• Path for the directory containing the DB private key (DB.key and DB.crt), required certificates files (PK.cer, KEK.cer, DB.cer and DBX.cer), and auth files (PK.auth, KEK.auth, DB.auth, and DBX.auth)
    • If set to 1 the systemd-boot bootloader and Linux kernel binaries will be signed by with the DB key (DB.key at UEFI_SIGN_KEYDIR)

Backup Current UEFI Secure Boot Certificates

It is advisable to backup the current UEFI Secure Boot values—created and included by the UEFI firmware and hardware platform vendors—to be restored in case of errors.


Some vendors require hashes to be available in the user defined DB hash list in order for certain hardware resources to be available at boot time (e.g. network devices, storage controllers, etc). Backing up the current values is useful if they need to be restored or later added to your custom DB hash list. Check with your hardware platform vendor for more information.

  1. Boot LmP with UEFI Secure Boot disabled
  2. Dump the UEFI Secure Boot variables (EFI Signature List format)
efi-readvar -v PK -o PK.old.esl
efi-readvar -v KEK -o KEK.old.esl
efi-readvar -v db -o DB.old.esl
efi-readvar -v dbx -o DBX.old.esl

The sig-list-to-certs utility (from efitools) can be used to break from ESL into hashes and certificates.

Enrolling Custom UEFI Secure Boot Certificates

It is possible to enroll custom UEFI Secure Boot Certificates using your firmware’s built-in setup utility, KeyTool (from efitools). You could also create a custom LockDown efi program with the certificates embedded into it.

By default, LmP installs the required certificates (via UEFI_SIGN_KEYDIR) into the ESP image partition (under ESP/uefi_certs). This can be used when enrolling via the firmware’s built-in setup utility. When automating the enrollment process, using LockDown is the recommended path.

Example with QEMU OVMF:

UEFI Setup Screen
UEFI Device Manager Screen
UEFI Secure Boot Configuration Screen
UEFI Secure Boot Custom Mode Screen
UEFI Secure Boot Key List Screen
UEFI Secure Boot File Explorer Screen
UEFI Secure Boot DB.cer Enroll Screen
UEFI Secure Boot KEK.cer Enroll Screen
UEFI Secure Boot PK.cer Enroll Screen
UEFI Secure Boot Configuration Final Screen

Verifying the UEFI Secure Boot State

To check if UEFI Secure Boot is enabled and used at runtime, execute the bootctl tool:

root@intel-corei7-64:~# bootctl
         Firmware: UEFI 2.70 (EDK II 1.00)
  Secure Boot: enabled (user)
 TPM2 Support: no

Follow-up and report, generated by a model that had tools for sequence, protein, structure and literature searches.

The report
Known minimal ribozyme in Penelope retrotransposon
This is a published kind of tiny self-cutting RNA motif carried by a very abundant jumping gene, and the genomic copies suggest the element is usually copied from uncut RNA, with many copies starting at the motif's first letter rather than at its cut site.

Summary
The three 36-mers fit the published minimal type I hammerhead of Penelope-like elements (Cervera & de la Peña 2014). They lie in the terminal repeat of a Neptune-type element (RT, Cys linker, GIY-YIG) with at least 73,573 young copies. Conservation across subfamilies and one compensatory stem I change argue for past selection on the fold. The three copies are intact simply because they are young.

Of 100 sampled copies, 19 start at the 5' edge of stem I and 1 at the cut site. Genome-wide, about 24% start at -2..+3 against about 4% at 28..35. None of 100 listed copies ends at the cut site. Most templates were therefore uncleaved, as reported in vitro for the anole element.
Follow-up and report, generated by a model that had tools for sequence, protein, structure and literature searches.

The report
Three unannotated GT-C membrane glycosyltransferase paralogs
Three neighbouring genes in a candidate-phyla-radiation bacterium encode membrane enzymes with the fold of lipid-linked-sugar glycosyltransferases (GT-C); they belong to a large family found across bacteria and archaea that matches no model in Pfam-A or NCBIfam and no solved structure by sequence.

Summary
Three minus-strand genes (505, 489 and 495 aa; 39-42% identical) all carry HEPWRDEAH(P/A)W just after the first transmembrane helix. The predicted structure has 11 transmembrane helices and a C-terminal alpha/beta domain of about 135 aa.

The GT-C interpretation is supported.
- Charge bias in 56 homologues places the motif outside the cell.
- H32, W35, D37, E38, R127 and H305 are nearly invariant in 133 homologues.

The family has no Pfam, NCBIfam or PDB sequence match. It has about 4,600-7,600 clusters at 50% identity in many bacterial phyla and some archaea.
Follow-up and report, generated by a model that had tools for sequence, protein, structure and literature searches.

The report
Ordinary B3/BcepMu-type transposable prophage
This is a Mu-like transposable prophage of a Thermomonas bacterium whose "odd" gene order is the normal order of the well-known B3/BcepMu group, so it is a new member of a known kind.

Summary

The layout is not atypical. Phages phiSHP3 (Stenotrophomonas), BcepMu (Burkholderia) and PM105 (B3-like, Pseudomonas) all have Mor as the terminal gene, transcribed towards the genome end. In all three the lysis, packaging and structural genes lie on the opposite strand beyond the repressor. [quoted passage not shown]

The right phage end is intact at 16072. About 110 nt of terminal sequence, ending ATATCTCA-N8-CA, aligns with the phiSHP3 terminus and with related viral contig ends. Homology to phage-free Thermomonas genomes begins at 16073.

Boot into FW: supported

Current Boot Loader:
          Product: systemd-boot 250.4-1-gc3aead5
         Features: ✓ Boot counting
                           ✓ Menu timeout control
                           ✓ One-shot menu timeout control
                           ✓ Default entry control
                           ✓ One-shot entry control
                           ✓ Support for XBOOTLDR partition
                           ✓ Support for passing random seed to OS
                           ✓ Load drop-in drivers
                           ✓ Boot loader sets ESP information
                  ESP: /dev/disk/by-partuuid/e7a6486b-3059-4703-84bd-d082b4971172
                 File: └─/EFI/BOOT/BOOTX64.EFI

Random Seed:
 Passed to OS: no
 System Token: not set
           Exists: no

Available Boot Loaders on ESP:
                  ESP: /boot (/dev/disk/by-partuuid/e7a6486b-3059-4703-84bd-d082b4971172)
                 File: └─/EFI/systemd/systemd-bootx64.efi (systemd-boot 250.4-1-gc3aead5)
                 File: └─/EFI/BOOT/bootx64.efi (systemd-boot 250.4-1-gc3aead5)

Boot Loaders Listed in EFI Variables:
Boot Loader Entries:
                $BOOT: /boot (/dev/disk/by-partuuid/e7a6486b-3059-4703-84bd-d082b4971172)

Default Boot Loader Entry:
                title: Linux-microPlatform 4.0.1 (ostree:0)
                   id: ostree-1-lmp.conf
           source: /boot/loader/entries/ostree-1-lmp.conf
          version: 1
                linux: /ostree/lmp-26db6d4337dc3f7644135bc0d6bd1d386f9535ecc8497be68be9a798e002ebba/vmlinuz-5.15.45-lmp-standard
           initrd: /ostree/lmp-26db6d4337dc3f7644135bc0d6bd1d386f9535ecc8497be68be9a798e002ebba/initramfs-5.15.45-lmp-standard.img
          options: console=ttyS0,115200 root=LABEL=otaroot rootfstype=ext4 ostree=/ostree/boot.1/lmp/26db6d4337dc3f7644135bc0d6bd1d386f9535ecc8497be68be9a798e002ebba/0

Another quick method is to check for the Secure boot kernel boot log message:

root@intel-corei7-64:~# dmesg | grep "Secure boot"
[    0.002984] Secure boot enabled